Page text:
After 48 hours of outcry from frustrated fans, Ticketmaster tried to explain the debacle around ticket sales for Taylor Swift’s Eras stadium tour.
They may have to answer to Congress next.
In a statement released on Thursday, the ticketing leviathan — which became part of the Live Nation conglomerate in 2010, drawing antitrust scrutiny — acknowledged that the measures it had in place to give fans equitable access to tickets didn’t work.
“The Eras on sale made one thing clear: Taylor Swift is an unstoppable force and continues to set records. We strive to make ticket buying as easy as possible for fans, but that hasn’t been the case for many people trying to buy tickets for the Eras Tour,” the company said in a statement. Around 3.5 million people preregistered for the on-sale through Ticketmaster’s Verified Fan system. Ticketmaster said typical turnout to buy tickets through this system is around 40%, and it waitlisted 2 million fans.
“However, this time the staggering number of bot attacks as well as fans who didn’t have invite codes drove unprecedented traffic on our site, resulting in 3.5 billion total system requests — 4x our previous peak,” the company said. “Never before has a Verified Fan on sale sparked so much attention — or uninvited volume. This disrupted the predictability and reliability that is the hallmark of our Verified Fan platform.”
Swift set a record for most tickets sold in a single day on Nov. 15, but many fans nonetheless flooded social media with complaints that Ticketmaster’s site crashed, or that they’d been denied a chance at tickets after doing everything right to register. Others were dismayed to see resales going for tens of thousands of dollars almost instantly on sites like StubHub.
“Even when a high demand on sale goes flawlessly from a tech perspective, many fans are left empty handed,” Ticketmaster said. “For example: based on the volume of traffic to our site, Taylor would need to perform over 900 stadium shows (almost 20x the number of shows she is doing) … that’s a stadium show every single night for the next 2.5 years.
“While it’s impossible for everyone to get tickets to these shows,” the statement read, “we know we can do more to improve the experience and that’s what we’re focused on.”
Several prominent members of Congress were not convinced.
“Daily reminder that Ticketmaster is a monopoly, its merger with Live Nation should never have been approved, and they need to be reigned [sic] in,” Rep. Alexandria Ocasio-Cortez, D-N.Y., wrote Tuesday on Twitter. “Break them up.”
Rep. David Cicilline, D-R.I., the chair of the House’s antitrust panel, posted that “Ticketmaster’s excessive wait times and fees are completely unacceptable, as seen with today’s @taylorswift13 tickets. It’s no secret that Live Nation-Ticketmaster is an unchecked monopoly.”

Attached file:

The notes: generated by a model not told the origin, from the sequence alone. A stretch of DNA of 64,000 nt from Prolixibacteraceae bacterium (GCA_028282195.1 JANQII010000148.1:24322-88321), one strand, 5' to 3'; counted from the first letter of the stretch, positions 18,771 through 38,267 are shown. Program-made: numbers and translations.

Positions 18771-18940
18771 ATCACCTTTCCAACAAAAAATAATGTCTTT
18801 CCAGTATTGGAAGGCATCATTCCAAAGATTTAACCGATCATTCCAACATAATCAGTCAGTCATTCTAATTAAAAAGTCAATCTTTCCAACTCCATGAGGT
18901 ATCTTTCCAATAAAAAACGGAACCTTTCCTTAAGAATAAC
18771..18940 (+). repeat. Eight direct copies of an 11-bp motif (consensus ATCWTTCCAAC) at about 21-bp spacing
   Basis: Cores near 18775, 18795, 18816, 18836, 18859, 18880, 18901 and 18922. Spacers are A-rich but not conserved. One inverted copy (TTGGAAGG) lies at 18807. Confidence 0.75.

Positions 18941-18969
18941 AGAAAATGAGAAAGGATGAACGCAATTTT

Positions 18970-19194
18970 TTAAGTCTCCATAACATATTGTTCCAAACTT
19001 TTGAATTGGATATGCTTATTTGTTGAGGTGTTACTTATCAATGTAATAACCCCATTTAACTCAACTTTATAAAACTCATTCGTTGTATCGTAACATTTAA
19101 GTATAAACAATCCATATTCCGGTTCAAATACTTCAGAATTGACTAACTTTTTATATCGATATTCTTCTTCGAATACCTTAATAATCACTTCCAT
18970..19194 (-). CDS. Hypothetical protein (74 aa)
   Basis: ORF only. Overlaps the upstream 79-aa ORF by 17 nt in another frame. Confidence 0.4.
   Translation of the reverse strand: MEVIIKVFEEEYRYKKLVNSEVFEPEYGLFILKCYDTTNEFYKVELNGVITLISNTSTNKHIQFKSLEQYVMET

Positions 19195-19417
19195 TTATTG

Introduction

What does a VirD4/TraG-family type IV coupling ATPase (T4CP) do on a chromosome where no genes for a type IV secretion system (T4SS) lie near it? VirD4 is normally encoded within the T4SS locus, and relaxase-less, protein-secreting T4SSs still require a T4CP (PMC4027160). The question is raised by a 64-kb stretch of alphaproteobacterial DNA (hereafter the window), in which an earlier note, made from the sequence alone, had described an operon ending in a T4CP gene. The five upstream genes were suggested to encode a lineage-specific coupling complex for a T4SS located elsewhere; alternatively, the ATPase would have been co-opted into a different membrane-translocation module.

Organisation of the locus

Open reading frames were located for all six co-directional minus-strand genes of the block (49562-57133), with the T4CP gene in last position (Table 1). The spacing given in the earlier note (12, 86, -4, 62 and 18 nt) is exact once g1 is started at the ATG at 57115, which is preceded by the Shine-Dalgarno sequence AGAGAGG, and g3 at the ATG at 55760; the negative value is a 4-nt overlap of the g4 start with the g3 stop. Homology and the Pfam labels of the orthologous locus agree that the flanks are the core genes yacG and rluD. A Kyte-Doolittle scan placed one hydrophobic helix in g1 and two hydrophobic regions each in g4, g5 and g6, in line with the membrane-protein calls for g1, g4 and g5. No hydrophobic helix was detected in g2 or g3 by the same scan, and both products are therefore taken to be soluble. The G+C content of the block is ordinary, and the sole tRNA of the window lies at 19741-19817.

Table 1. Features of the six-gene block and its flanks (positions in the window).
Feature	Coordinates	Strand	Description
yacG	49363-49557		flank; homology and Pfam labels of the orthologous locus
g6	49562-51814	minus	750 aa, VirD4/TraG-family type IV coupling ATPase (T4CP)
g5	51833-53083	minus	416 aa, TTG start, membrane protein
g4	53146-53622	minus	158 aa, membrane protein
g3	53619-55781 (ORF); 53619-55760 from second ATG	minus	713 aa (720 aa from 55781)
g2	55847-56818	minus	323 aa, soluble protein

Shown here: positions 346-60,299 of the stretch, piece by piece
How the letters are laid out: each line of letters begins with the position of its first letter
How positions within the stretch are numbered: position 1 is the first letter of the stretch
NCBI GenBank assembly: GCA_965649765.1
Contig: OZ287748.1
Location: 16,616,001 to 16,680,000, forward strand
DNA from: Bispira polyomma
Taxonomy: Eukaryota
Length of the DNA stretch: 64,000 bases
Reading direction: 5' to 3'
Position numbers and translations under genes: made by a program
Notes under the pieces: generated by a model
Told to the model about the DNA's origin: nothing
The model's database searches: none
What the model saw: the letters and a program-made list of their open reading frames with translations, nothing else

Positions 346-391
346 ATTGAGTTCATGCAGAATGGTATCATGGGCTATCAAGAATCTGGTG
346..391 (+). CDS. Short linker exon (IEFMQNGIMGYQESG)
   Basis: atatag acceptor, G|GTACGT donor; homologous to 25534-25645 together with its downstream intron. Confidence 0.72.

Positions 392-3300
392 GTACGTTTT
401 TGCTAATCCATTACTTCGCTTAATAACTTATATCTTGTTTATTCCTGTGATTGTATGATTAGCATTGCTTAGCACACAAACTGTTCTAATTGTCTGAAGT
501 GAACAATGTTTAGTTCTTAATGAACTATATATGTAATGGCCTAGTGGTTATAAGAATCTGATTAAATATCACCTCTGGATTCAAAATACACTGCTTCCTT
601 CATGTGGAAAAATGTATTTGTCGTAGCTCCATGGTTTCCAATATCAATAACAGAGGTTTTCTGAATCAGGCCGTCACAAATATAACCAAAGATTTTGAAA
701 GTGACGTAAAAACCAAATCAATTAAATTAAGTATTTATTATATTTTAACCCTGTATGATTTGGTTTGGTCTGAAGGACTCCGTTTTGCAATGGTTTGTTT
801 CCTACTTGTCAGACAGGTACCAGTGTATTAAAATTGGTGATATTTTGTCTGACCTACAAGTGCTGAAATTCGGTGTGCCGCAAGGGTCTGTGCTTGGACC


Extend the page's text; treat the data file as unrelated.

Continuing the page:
In a letter to Ticketmaster and Live Nation Chief Executive Michael Rapino released Thursday morning, Sen. Amy Klobuchar, D-Minn., said that she had “serious concerns about the state of competition in the ticketing industry and its harmful impact on consumers. Reports about system failures, increasing fees, and complaints of conduct that violate the consent decree Ticketmaster is under suggest that Ticketmaster continues to abuse its market positions.”
In April 2020, Klobuchar and Sens. Richard Blumenthal, D-Conn., and Cory Booker, D-N.J., asked the Department of Justice’s antitrust division to pursue regulations that would allow small independent music venues to compete with entertainment giants like Live Nation and AEG. In 2019, Klobuchar and Blumenthal asked the same body to investigate whether Live Nation and Ticketmaster were abiding by the terms of a consent decree overseeing the merger.
“Ticketmaster’s power in the primary ticket market insulates it from the competitive pressures that typically push companies to innovate and improve their services,” Klobuchar continued in Thursday’s letter. “That can result in the types of dramatic service failures we saw this week, where consumers are the ones that pay the price.”
In a press conference Wednesday, Tennessee’s Attorney General Jonathan Skrmetti said, “We received a number of complaints and there’s been significant press coverage that the ticket sale process did not go smoothly … We need to look into exactly what was promised them and whether that was provided.
“We’re talking about a company with an extremely dominant market share,” he continued. “I’ve heard it may be up to 70% of the concert venue ticket sales. And anytime you have that kind of concentration of market share, there’s the risk that the lack of competition will not just drive-up prices for consumers, it will also reduce the quality of the product.”
Mark Grady, a UCLA law professor who specializes in antitrust issues, told the Los Angeles Times that the Live Nation-Ticketmaster fusion was a “vertical merger” that is “normally okay from a competition point of view.” But he said that “the question is whether the two companies have joined together to exclude others from the market. If you’re a new entrant to the vertically integrated market, you have to enter on both levels, which is concert production and concert sales. This might be more difficult and involve investment in very different productive capabilities, which might increase the cost of entry and thereby prevent competition.”
He added, “It’s like shooting yourself in the foot, whether you are a competitor or a monopolist, not to have the capacity to deal with Taylor Swift concert sales.”
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